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Legislative session offers opportunities for agriculture

Around the MDA: Help for Minnesota dairy farmers to get some attention.

December 6, 2023

2 Min Read
wide landscape of a white legislative building
MIXED PLATE: Though even-numbered years in the Legislature typically focus on policy and a bonding bill, the 2024 session is expected to be a hybrid, especially when Minnesota is looking at a $2 billion surplus. It’s likely discussions will address how to help the ailing dairy industry. Farm Progress

Editor’s note: This is the debut of Around the MDA, a quarterly column by Thom Petersen, commissioner of the Minnesota Department of Agriculture.

by Thom Petersen

Typically, the even-numbered years at the Minnesota Capitol are focused on policy and a bonding bill, since the Legislature sets budgets in odd-numbered years. This year may be a mixed plate, given that lawmakers are currently looking at a $2 billion surplus. While there are always unknowns when it comes to the legislative process, there are several things we can expect.

First, there will likely be discussions on how to help the dairy industry. In 2023, Minnesota lost nearly 100 dairy farms. Demand and market prices put an added strain on an already hurting industry. While the Legislature provided $4 million for the Dairy Assistance, Investment, Relief Initiative to help dairy cow operations with financial assistance, the money isn’t accessible at this time because of ties to the federal Dairy Margin Coverage Program — which must first be renewed. I anticipate parties to discuss a legislative fix that allows the Minnesota Department of Agriculture to get the DAIRI funding to dairy farmers in a timely manner.

Second, the MDA will be looking at several tweaks for some of the many policies that govern our work. This may not garner flashy headlines, but small adjustments to policies help us better serve Minnesotans. For instance, changes in the 2023 session helped us expand eligibility for our Farm to School program. More school districts and early childhood education centers can now purchase fresh local products from Minnesota farmers as a result. Policy revisions can increase productivity and access or allow the MDA to use tax dollars more efficiently.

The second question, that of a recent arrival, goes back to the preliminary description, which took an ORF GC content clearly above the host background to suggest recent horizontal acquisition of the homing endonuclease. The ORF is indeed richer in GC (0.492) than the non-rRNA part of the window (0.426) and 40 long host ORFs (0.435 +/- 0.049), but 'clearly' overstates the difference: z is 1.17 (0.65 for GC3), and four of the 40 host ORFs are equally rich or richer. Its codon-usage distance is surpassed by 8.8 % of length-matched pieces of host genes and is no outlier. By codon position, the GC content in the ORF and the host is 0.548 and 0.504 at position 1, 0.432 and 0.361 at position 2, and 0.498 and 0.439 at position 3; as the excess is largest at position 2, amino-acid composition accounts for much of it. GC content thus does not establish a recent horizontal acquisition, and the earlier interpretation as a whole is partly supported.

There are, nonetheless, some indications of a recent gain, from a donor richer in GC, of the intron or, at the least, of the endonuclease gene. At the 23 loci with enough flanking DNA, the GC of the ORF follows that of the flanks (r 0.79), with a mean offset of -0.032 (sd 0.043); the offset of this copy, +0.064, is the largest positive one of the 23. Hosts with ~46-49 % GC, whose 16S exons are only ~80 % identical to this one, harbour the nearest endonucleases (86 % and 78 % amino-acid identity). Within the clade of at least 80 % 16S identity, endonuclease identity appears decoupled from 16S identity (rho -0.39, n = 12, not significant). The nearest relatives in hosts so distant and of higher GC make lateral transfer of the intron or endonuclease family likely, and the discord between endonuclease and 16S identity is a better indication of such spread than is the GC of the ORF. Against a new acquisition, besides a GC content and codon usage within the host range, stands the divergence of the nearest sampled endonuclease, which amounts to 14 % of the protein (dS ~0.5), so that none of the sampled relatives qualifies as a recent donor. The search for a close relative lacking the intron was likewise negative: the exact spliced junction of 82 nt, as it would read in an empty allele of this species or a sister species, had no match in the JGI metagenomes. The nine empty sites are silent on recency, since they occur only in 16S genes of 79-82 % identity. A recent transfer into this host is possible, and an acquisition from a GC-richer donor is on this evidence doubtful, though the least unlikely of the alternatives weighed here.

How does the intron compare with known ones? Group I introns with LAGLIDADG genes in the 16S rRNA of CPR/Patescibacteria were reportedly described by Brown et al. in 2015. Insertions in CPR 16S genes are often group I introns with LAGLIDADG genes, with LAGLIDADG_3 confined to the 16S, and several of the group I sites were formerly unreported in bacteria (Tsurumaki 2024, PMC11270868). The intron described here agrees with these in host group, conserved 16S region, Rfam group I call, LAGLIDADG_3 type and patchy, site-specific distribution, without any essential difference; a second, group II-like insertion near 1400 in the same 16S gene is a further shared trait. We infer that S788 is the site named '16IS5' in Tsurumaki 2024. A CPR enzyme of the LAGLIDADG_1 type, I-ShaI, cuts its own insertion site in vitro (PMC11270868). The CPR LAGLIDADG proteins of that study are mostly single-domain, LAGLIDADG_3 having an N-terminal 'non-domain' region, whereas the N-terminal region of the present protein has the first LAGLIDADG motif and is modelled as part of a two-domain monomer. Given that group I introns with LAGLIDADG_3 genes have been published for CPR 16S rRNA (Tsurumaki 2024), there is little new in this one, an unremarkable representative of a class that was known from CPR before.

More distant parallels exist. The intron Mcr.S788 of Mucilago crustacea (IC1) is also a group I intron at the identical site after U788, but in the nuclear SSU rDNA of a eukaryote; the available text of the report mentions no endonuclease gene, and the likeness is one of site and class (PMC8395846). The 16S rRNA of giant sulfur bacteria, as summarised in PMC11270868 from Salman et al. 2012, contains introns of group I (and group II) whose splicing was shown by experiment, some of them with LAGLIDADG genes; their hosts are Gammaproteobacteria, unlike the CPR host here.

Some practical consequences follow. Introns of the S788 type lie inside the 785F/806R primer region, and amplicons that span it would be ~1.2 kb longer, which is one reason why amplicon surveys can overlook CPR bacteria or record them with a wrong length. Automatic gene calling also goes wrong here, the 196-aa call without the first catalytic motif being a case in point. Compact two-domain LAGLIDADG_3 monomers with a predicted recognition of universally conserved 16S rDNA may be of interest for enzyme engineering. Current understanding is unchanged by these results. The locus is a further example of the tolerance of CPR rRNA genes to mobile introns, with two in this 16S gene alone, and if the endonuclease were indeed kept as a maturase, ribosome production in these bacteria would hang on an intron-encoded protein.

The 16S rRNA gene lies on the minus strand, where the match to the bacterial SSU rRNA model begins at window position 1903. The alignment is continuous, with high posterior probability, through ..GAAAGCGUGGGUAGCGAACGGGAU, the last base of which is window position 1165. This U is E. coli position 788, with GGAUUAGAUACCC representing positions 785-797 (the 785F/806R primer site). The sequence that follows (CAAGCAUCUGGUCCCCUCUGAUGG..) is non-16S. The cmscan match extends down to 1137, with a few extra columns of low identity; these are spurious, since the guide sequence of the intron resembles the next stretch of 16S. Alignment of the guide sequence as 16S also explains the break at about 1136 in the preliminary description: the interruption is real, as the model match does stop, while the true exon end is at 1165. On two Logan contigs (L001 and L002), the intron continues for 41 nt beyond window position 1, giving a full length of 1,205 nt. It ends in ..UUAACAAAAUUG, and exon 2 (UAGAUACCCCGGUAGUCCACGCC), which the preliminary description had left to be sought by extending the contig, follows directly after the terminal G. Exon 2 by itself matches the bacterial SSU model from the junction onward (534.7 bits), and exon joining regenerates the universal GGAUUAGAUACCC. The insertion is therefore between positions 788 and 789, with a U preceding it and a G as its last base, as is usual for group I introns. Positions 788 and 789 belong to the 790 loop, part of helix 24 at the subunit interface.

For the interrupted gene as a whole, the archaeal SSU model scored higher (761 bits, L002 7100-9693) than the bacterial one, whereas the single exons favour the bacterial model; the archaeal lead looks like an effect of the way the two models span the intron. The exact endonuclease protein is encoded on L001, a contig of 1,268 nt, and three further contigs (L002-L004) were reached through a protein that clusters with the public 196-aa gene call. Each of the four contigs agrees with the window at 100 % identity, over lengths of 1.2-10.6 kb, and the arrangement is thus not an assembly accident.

Get involved

Finally, we’ll be asking lawmakers to extend the work of two important groups. The Organic Advisory Task Force, which advises the MDA and University of Minnesota about policies and programs that will benefit Minnesota’s organic sector, is scheduled to sunset in 2024. The Agricultural Fertilizer Research and Education Council, or AFREC, is scheduled to sunset in 2025. This farmer-led program helps advance soil fertility research, technology development and education. We’ll be looking to extend these sunset dates into the future.

As we start the session, this is our chance to tell the many and varied stories of our farming and food sector to an audience of lawmakers from across the state. I encourage everyone to follow along during the session and get involved. Contact your lawmakers and tell them why supporting Minnesota agriculture is important, and I’m confident this year’s session will bring more opportunities for the growers, workers and producers who make our state’s ag economy the sixth largest in the nation.

We can succeed when we work together, and I also encourage you to contact me any time with your ideas or comments. I can be reached at [email protected].

Petersen is the commissioner of the Minnesota Department of Agriculture.

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